Of travelling and writing

Holidaying in Kenting, Taiwan, in March 2015.

Holidays. Vacations. A lot of families would take the opportunity to go for a short break with their children. Some would have already booked a holiday getaway months earlier. I do know that many of the China students from the international school that I was teaching in are back in their own hometown to reunite with their families and to catch up on any festivities they might have missed out on.

While it is always good to take a break, let’s not forget to keep our eyes open – to observe more things, ears pricked – to hear more good things, and minds open – to allow inspiration to course through. I remember when I used to travel overseas as a boy, I always made it a habit to bring a notebook along. Back then, it was all paper and pen. No fancy smartphones or modern gadgetry to take notes. And digital cameras weren’t even in the fashion too.

I picked this habit from a school teacher. And on every new day of travel, I would jot down the date, time, and even the weather. As best as possible, I would chronicle every detail I remembered. It is thus imperative to always immerse yourself in your travels. By immersion, I mean to really be in the moment. Carpe Diem (Seize the day).

Now that we are all bombarded by the influx of modern devices, it is getting increasingly challenging not to take your phone out and snap a photo or record a video and to upload it immediately onto your Facebook or Instagram. You probably would receive instant gratification in the form of likes. But does your photo tell a story?

To quote Antoine de Saint-Exupéry from The Little Prince: “And now here is my secret, a very simple secret: It is only with the heart that one can see rightly; what is essential is invisible to the eye.”

One major point of language learning is to have the capacity to feel. If you snap a picture without feeling anything, your photo is as good as not taken. Captions add details to a photo. Many a time, they complement each other. Based on this reasoning, if you write a diary because you are forced to chronicle each day by writing the mundane – alarm clock rings, wake up, brush teeth, wash face, wear school uniform/dress for work, go to school/office, chances are that it will turn out to be a boring entry.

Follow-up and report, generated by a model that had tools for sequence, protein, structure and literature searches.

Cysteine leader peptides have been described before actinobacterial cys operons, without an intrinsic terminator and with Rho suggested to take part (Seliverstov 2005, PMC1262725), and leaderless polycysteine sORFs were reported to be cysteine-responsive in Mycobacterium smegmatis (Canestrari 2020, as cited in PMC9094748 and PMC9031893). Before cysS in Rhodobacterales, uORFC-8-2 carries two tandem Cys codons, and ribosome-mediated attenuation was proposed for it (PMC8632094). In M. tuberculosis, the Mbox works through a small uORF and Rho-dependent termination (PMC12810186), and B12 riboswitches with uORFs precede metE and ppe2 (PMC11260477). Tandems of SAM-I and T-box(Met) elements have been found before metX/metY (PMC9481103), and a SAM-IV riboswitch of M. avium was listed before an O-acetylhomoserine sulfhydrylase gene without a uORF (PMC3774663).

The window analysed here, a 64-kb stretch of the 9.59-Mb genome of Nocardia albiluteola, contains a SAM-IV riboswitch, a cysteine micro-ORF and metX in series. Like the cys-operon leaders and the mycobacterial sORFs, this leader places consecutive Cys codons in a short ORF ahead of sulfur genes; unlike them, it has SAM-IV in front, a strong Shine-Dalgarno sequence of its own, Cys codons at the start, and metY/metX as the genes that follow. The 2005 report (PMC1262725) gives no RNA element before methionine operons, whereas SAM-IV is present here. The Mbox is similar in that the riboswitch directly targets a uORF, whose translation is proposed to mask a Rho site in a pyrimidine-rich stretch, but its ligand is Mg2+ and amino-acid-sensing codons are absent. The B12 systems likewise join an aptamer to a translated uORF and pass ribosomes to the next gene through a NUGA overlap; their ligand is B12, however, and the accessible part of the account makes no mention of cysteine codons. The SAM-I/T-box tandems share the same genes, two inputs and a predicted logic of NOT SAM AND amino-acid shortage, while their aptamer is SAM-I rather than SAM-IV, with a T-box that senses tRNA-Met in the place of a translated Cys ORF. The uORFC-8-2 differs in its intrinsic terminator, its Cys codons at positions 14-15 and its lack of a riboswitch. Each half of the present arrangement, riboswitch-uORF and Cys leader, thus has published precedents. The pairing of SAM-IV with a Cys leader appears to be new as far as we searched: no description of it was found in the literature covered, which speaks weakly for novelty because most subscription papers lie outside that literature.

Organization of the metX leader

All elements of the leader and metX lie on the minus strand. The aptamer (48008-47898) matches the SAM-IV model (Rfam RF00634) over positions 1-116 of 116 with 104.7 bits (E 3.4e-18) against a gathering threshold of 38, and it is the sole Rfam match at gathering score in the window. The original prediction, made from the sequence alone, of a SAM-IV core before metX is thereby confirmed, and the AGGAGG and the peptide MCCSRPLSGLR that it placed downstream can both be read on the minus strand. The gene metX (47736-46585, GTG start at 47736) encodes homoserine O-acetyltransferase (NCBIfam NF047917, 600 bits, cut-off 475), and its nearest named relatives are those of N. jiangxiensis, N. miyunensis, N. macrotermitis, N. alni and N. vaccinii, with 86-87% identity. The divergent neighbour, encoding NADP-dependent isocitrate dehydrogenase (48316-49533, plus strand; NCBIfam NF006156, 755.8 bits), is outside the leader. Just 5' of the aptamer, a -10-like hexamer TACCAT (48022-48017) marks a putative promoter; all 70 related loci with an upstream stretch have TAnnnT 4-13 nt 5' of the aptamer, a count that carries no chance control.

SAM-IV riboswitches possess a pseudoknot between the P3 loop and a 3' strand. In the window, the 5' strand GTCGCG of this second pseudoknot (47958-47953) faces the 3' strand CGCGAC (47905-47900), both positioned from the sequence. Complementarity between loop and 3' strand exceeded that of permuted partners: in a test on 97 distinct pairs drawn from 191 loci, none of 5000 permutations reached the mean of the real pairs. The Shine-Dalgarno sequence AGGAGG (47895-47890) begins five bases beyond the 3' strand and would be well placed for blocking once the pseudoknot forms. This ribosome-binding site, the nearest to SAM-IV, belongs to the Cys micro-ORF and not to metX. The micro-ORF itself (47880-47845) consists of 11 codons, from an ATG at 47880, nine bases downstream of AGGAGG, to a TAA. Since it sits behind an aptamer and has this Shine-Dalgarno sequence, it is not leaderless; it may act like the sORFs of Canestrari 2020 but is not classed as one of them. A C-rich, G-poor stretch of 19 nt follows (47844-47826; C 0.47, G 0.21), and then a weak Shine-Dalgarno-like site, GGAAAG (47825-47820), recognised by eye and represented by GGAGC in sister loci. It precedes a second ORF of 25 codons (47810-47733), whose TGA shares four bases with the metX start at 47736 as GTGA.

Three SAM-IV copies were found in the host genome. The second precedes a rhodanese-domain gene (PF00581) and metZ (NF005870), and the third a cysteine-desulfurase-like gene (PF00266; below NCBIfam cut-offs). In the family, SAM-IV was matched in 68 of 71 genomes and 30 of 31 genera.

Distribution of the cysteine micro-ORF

I encourage my students who are learning English or Chinese to keep a diary or a blog. Through their diary writing, it allows me to peer into their thought patterns, which provide insights on who they are as a person, what they enjoy doing, their relationships with their family members or friends, and so on. I find it very helpful in tailoring how I could teach them. I usually don’t dictate what they should write about, as I want them to write freely. And I will always leave a response after each entry.

Through this way of free writing, students are able to dwell into their own world of thoughts. By confiding in their diary/blog and eventually showing me (as a reader), they give me a good look into their way of life. It is definitely useful as some students may express better through writing instead of speaking. So why should we close such doors?

So back to what we were saying, what’s your vacation story? You are welcome to share any of your travels or happenings with me at anzzon@gmail.com. 🙂